Americans recognize the importance of supporting the separation of church and state, and many of them want political candidates to back the principle.
That’s a key finding from a new poll Americans United released last month. Sixty percent of poll respondents said protecting the separation of religion and government is either one of the most important things to them personally or very important. Only 9 percent said it was not too important.
Furthermore, nearly half of likely voters in 2020 – 47 percent – say they would be more likely to support a candidate who announced support for church-state separation. Only 11 percent say backing separation would make them less likely to support a candidate.
Support for pro-separation candidates was shared in all parts of the country – even in the Bible Belt South. Looking at specific sub-groups, support for separation-friendly candidates was highest among men with college degrees and people who said they never attend religious services.
The poll, conducted in July for Americans United by Anzalone Liszt Grove Research, one of the nation’s most respected and most accurate polling firms, surveyed 2,002 self-identified likely 2020 voters. To ensure an accurate cross-section of voters, a mix of respondents from various racial, age and religious groups were included, and poll questions were offered in English and Spanish.
Aside from assessing Americans’ views on candidates’ support for church-state separation, the poll also sought to determine which church-state issues voters find most compelling.
The answer here was clear: Americans are concerned about “religious freedom” being used as an excuse to discriminate in employment and block access to health care.
That issue has been the news a lot lately, so perhaps it’s not surprising that it topped the list. Participants were asked to name some issues they believe should be a top priority for Americans United. The top three were all related to discrimination and denials of medical care and services. They are: ensuring that businesses, employers and health care providers can’t use religion as a reason to discriminate; ensuring taxpayer-funded organizations can’t discriminate in who they hire based on the applicant’s religion; and ensuring that religion is not used to deny women access to birth control.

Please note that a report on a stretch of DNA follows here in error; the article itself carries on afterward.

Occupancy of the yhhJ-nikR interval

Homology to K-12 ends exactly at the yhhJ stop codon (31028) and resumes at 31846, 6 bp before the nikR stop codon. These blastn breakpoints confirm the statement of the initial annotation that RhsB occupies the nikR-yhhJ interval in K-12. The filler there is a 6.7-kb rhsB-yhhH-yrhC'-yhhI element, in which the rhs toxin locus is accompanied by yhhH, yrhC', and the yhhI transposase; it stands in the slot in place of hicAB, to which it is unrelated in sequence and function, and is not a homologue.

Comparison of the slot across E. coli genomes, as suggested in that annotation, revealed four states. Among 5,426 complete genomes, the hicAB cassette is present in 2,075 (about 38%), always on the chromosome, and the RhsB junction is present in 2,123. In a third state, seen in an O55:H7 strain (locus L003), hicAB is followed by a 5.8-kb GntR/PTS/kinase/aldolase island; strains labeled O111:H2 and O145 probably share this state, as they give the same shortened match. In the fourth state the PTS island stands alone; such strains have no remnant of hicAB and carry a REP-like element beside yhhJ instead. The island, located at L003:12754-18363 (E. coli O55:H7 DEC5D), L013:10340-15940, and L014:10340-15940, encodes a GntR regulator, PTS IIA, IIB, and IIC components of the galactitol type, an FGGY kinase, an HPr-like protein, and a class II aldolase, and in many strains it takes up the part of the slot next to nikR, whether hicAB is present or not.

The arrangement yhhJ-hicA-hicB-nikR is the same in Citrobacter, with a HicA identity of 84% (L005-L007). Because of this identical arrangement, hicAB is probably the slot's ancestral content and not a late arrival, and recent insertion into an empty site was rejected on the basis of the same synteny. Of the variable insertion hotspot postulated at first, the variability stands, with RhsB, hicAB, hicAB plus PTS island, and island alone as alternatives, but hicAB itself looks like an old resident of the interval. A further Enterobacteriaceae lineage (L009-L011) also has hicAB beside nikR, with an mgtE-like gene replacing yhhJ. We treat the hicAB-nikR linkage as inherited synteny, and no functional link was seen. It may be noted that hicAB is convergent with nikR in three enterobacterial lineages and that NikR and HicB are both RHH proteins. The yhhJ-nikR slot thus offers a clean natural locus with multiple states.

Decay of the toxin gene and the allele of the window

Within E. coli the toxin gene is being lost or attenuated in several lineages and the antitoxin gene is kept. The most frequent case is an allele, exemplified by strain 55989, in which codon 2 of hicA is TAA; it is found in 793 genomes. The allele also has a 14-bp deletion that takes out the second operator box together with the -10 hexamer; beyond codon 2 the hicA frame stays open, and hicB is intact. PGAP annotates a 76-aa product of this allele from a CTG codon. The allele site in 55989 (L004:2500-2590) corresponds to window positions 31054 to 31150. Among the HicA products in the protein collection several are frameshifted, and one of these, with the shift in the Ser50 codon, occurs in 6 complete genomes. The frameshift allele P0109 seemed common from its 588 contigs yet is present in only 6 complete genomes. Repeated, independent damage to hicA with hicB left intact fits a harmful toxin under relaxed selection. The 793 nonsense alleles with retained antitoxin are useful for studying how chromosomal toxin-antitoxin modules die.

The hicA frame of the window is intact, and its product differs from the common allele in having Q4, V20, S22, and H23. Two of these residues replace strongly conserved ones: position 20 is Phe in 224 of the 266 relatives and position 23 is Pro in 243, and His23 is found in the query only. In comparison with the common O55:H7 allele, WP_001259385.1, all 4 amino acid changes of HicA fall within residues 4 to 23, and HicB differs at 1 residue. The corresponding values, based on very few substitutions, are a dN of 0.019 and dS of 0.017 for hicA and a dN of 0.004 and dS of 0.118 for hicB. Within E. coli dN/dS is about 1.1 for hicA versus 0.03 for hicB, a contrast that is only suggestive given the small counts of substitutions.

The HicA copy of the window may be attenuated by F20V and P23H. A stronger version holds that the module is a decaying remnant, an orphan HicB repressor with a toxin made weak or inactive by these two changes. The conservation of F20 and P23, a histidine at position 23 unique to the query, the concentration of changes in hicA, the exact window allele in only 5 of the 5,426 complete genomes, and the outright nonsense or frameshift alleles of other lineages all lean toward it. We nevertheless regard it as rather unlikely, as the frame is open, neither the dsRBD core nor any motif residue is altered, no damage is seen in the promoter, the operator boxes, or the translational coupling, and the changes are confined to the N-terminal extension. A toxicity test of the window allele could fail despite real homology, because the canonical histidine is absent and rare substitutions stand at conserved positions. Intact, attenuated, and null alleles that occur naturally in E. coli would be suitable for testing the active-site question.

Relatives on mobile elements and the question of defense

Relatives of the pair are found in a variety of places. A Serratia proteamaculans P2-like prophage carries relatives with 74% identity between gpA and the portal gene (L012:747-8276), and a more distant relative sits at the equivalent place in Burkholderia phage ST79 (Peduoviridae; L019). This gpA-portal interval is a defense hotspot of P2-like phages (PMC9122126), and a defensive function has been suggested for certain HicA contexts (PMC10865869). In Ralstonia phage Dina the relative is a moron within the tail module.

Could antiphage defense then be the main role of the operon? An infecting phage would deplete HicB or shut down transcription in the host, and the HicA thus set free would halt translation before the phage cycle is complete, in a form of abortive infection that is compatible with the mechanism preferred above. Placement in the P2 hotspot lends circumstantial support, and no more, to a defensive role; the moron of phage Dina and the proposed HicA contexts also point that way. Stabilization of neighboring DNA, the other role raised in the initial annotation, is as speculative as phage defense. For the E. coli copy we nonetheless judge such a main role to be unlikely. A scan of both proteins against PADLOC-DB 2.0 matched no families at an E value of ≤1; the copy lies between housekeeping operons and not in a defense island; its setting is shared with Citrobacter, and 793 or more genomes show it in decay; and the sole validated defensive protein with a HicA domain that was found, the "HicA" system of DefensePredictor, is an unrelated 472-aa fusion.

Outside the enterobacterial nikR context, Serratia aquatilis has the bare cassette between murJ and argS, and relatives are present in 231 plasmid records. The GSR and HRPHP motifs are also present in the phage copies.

Poll participants seem especially concerned about religious interference in health care. Ensuring that religion is not used to discriminate and deny access to health care, especially birth control, resonated across all sub-groups in the poll; it was especially popular among those poll participants who said they are non-religious.
The poll also sought to ascertain what messages about the separation of church and state have special appeal for Americans and are most persuasive. Information like this is useful because it helps Americans United craft messages that resonate with people and win new support for the organization.
The poll found that respondents like the approach of tying church-state separation and religious freedom back to founding principles and reminding everyone that church-state separation is uniquely American, a key feature of the U.S. Constitution. While they support religious freedom as a historic principle, respondents also said they believe it should not be used to harm others.
The poll also indicates that education about church-state issues is key. Participants were also exposed to some messages from Americans United about the threats church-state separation faces. Prior to reading this material, 57 percent said that protecting church-state separation was either one of the most important things or a very important thing to them personally. But after looking at some AU messages, that number jumped by 11 points, hitting 71 percent. (Only 6 percent said protecting separation was not important.)
Americans United’s leadership team, led by President and CEO Rachel Laser, will continue to analyze the poll results as the organization goes forward. For more on Laser’s take on the poll, please see her column on page 23 of this issue of Church & State.